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ATC Clearances and Aircraft Separation

or route different from that requested by the pilot. In

addition, flow patterns have been established in

certain congested areas or between congested areas

whereby traffic capacity is increased by routing all

traffic on preferred routes. Information on these flow

patterns is available in offices where preflight

briefing is furnished or where flight plans are


2. When required, air traffic clearances include

data to assist pilots in identifying radio reporting

points. It is the responsibility of pilots to notify ATC

immediately if their radio equipment cannot receive

the type of signals they must utilize to comply with

their clearance.

d. Altitude Data.

1. The altitude or flight level instructions in an

ATC clearance normally require that a pilot

“MAINTAIN” the altitude or flight level at which the

flight will operate when in controlled airspace.

Altitude or flight level changes while en route should

be requested prior to the time the change is desired.

2. When possible, if the altitude assigned is

different from the altitude requested by the pilot, ATC

will inform the pilot when to expect climb or descent

clearance or to request altitude change from another

facility. If this has not been received prior to crossing

the boundary of the ATC facility’s area and

assignment at a different altitude is still desired, the

pilot should reinitiate the request with the next


3. The term “cruise” may be used instead of

“MAINTAIN” to assign a block of airspace to a pilot

from the minimum IFR altitude up to and including

the altitude specified in the cruise clearance. The pilot

may level off at any intermediate altitude within this

block of airspace. Climb/descent within the block is

to be made at the discretion of the pilot. However,

once the pilot starts descent and verbally reports

leaving an altitude in the block, the pilot may not

return to that altitude without additional ATC



Pilot/Controller Glossary Term− Cruise.

e. Holding Instructions.

1. Whenever an aircraft has been cleared to a fix

other than the destination airport and delay is

expected, it is the responsibility of the ATC controller

to issue complete holding instructions (unless the

pattern is charted), an EFC time, and a best estimate

of any additional en route/terminal delay.

2. If the holding pattern is charted and the

controller doesn’t issue complete holding instruc-

tions, the pilot is expected to hold as depicted on the

appropriate chart. When the pattern is charted, the

controller may omit all holding instructions except

the charted holding direction and the statement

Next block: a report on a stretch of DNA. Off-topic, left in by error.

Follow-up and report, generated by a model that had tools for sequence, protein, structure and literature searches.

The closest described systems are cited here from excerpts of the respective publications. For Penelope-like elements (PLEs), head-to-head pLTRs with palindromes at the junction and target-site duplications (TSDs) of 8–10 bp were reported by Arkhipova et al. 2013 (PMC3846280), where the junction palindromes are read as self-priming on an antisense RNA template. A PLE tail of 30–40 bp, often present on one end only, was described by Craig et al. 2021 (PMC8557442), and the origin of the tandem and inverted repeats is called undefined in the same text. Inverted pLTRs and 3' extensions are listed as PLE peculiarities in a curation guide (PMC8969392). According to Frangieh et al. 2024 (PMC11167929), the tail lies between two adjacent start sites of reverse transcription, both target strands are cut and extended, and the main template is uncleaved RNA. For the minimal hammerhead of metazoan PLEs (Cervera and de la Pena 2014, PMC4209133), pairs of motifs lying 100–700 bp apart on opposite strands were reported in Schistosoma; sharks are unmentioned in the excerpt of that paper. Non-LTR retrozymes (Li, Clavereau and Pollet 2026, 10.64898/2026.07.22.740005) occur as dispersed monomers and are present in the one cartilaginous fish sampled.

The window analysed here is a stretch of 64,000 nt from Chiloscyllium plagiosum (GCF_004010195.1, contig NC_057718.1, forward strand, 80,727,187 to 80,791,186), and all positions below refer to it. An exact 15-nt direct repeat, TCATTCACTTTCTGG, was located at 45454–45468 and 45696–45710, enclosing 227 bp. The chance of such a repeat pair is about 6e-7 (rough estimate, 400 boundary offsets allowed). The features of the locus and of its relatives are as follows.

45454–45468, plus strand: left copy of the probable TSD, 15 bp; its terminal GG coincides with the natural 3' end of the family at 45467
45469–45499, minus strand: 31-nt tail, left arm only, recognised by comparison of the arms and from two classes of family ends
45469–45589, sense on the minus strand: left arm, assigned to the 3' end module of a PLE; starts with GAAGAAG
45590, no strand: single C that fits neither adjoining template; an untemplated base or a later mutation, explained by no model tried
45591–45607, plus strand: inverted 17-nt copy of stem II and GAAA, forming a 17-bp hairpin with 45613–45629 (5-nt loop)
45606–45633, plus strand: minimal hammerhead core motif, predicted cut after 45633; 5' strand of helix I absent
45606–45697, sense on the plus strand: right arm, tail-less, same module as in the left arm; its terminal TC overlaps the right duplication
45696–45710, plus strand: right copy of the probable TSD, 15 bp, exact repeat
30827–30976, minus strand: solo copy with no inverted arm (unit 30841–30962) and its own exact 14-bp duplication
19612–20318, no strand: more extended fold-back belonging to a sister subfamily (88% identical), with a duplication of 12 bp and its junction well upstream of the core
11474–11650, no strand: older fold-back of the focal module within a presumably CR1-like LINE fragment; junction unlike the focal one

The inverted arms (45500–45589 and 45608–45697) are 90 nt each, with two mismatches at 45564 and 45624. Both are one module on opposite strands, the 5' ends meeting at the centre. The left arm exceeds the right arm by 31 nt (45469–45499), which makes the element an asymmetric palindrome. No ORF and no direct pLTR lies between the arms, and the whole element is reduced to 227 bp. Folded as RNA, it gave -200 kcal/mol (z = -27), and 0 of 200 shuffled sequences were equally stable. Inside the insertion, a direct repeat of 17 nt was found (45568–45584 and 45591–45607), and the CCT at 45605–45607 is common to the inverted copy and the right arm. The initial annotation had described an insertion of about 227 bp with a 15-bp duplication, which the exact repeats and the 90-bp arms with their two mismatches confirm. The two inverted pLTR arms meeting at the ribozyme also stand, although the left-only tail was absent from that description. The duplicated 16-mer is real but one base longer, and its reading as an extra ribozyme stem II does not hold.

PUBLISHED.” Controllers must always issue

complete holding instructions when pilots request



Only those holding patterns depicted on U.S. government

or commercially produced charts which meet FAA

requirements should be used.

3. If no holding pattern is charted and holding

instructions have not been issued, the pilot should ask

ATC for holding instructions prior to reaching the fix.

This procedure will eliminate the possibility of an

aircraft entering a holding pattern other than that

desired by ATC. If unable to obtain holding

instructions prior to reaching the fix (due to

frequency congestion, stuck microphone, etc.), hold

in a standard pattern on the course on which you

approached the fix and request further clearance as

soon as possible. In this event, the altitude/flight level

of the aircraft at the clearance limit will be protected

so that separation will be provided as required.

4. When an aircraft is 3 minutes or less from a

clearance limit and a clearance beyond the fix has not

been received, the pilot is expected to start a speed

reduction so that the aircraft will cross the fix,

initially, at or below the maximum holding airspeed.

5. When no delay is expected, the controller

should issue a clearance beyond the fix as soon as

possible and, whenever possible, at least 5 minutes

before the aircraft reaches the clearance limit.

6. Pilots should report to ATC the time and

altitude/flight level at which the aircraft reaches the

clearance limit and report leaving the clearance limit.


In the event of two−way communications failure, pilots are

required to comply with 14 CFR Section 91.185.

4−4−4. Amended Clearances

a. Amendments to the initial clearance will be

issued at any time an air traffic controller deems such